The sustainability games
Amy Huva is an environmental chemist by training. She works at the North Growth Foundation, a boutique investment firm in Vancouver. Follow her on twitter.
London 2012 set out to be the most sustainable games, which is no mean feat when you’re trying to organise and coordinate the world’s largest sporting carnival in one of Europe’s grand old cities. As countries work to rapidly slow and reduce their carbon emissions, significant emissions from the buildings, lights, media, transport, food and everything else associated with an Olympic Games will be increasingly scruitinized. So if the Olympic Games wish to continue in their current format, green is the only way to go.
I just came back from an excellent two weeks in London to see the games. I’m an avid sports fan and went to Sydney for a family Olympics in 2000 when I was 15. Then came Vancouver, so London seemed like the only logical next step.
(right to left) Sydney, Vancouver, London
I was interested to see how truly green the London games were going to be, because saying you’re green is significantly different from implementing it into your supply chains and practices.
It was evident that London had made the typical logistical decisions, like not allowing personal cars to events, and ramping up public mass transit, allowing it to be used for free by Olympic event ticket holders.
Wind turbines at the Olympic park (photo Amy Huva 2012)
The significant green spaces were one feature that stood out, despite being located in an old, densely-populated city. Green spaces have all kinds of benefits, including providing shelter, and keeping the area surrounding them cooler (nature’s air conditioners). The plants provide ground stability so that less soil erosion occurs.
Another benefit of green spaces, not only for attendees but for athletes as well, is that trees and plants provide valuable air filtration services, and increase the quality of the air around them. For a city like London, which deals with significant air pollution, particularly in summertime when warmer temperatures speed up the atmospheric chemical reactions that create harmful pollutants, this could only be a positive. Especially when there were reports in the lead-up to the games suggesting that lower air quality could mean that athletes would perform at a substandard level, as their respiratory systems struggled to adjust. There were even fears that no outdoor world records would be set in London.
A hazy-looking London skyline (photo Amy Huva, 2012)
The green spaces not only made the venue more attractive, but was also exclusively watered using various forms of recycled water.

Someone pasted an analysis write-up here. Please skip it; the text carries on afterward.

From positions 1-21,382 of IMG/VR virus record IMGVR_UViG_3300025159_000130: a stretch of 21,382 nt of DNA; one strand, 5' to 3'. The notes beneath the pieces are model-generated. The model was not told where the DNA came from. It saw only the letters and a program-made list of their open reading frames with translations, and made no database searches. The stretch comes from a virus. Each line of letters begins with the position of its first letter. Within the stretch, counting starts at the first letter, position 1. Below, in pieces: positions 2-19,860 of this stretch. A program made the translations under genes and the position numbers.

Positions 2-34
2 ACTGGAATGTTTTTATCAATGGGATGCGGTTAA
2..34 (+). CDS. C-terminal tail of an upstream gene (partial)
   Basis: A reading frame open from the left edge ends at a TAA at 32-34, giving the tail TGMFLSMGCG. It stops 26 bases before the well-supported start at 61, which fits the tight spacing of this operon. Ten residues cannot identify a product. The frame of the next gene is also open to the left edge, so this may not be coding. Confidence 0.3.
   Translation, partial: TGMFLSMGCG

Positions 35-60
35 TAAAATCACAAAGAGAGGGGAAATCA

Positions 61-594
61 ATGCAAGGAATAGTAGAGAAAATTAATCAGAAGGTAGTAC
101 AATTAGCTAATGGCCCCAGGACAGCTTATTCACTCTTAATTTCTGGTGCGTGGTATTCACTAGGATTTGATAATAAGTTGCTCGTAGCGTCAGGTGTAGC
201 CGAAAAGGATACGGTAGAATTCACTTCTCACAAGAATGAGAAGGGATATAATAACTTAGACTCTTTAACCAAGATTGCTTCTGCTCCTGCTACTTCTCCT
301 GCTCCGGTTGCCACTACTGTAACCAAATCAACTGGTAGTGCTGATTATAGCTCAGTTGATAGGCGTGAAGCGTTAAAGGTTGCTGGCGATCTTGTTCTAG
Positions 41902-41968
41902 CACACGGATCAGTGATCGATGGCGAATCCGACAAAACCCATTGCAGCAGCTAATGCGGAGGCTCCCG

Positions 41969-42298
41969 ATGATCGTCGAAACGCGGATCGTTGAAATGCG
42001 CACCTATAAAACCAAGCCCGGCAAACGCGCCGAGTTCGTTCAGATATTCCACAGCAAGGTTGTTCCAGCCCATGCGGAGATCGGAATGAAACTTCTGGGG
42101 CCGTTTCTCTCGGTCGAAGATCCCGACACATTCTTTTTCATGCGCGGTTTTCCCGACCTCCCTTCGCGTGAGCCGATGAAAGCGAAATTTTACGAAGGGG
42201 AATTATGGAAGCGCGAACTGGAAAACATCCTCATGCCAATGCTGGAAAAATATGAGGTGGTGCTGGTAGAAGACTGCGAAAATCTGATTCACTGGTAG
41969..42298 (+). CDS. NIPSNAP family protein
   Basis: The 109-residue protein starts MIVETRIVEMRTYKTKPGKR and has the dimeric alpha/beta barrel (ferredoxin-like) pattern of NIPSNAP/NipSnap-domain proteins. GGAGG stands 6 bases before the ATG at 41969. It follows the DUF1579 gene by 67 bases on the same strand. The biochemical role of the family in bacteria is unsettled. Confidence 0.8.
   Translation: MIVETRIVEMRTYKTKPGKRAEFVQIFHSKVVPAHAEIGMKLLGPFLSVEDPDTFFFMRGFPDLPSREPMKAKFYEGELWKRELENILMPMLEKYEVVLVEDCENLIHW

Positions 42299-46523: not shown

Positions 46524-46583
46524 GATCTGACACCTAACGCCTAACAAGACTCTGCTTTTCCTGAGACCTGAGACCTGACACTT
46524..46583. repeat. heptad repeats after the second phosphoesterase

Sustainability Planning at 2012 London Olympics
Although I had seen for myself some of the initiatives that the London Organising Committee for the Olympic and Paralympic Games (LOCOG) had implemented, I decided to look beneath the surface.
LOCOG worked with the WWF to create a plan for a ‘One Planet’ Olympics that tied into the ecological footprint ideas originally developed by UBC professor Bill Rees. They created the Commission for a Sustainable London that oversaw all of the sustainable practices they were trying to implement, and they aimed to leave a planning and logistics ‘legacy’ for future event planners. The Olympic Games is one of the largest peacetime logistical operation in the world, so if London can make their games sustainable, it will be much easier for the next concert, sports event, or tour that wants to as well.
They built sustainability plans for suppliers, materials, biodiversity, power cogeneration, resource management, carbon footprint and aimed for a zero waste games. Then, they made sure they educated everyone in what was required for those plans, teamed up with the local events sector and even the Eco Schools England program and aimed to learn as much as they could from the process.
LOCOG aimed to avoid waste upfront as well as promote sustainability. So they required contractors to create and submit resource management plans, and gave contractors product and materials ‘lookbooks’ to choose from so that their options were automatically all sustainable. They even developed a new ISO standard for sustainable event management.
The end result has tried to encourage zero waste lifestyles and business practices, built an event planning zero waste model, a food vision, and forced companies that may not have previously thought too much about sustainability to incorporate it into their systems in order to get a games contract.
Across the board, LOCOG aimed to set the bar and set it high, with the intention of other events following.
They didn’t get everything right. The Guardian reported on how sponsorship deals with Dow Chemical and BP threatened to derail the Olympics' sustainable aims. The lofty goals set out eight years ago during the planning stage to be zero carbon and zero waste, completely powered by clean energy and conducted in a London with significantly improved air quality all fell short. A report by WWF and BioRegional issued after the games was particularly critical.
Sue Riddlestone, executive director of BioRegional, who was involved in drawing up the original strategy, said: "London 2012 has set the sustainability bar high for future summer Olympics [but] there were some promises made in 2005 which London 2012 didn't keep, even though we know they tried. We were especially disappointed about the failure to meet the renewable energy targets. So the journey to deliver a sustainable Olympics will continue."
I can't wait to see what Rio 2016 will have in store for us.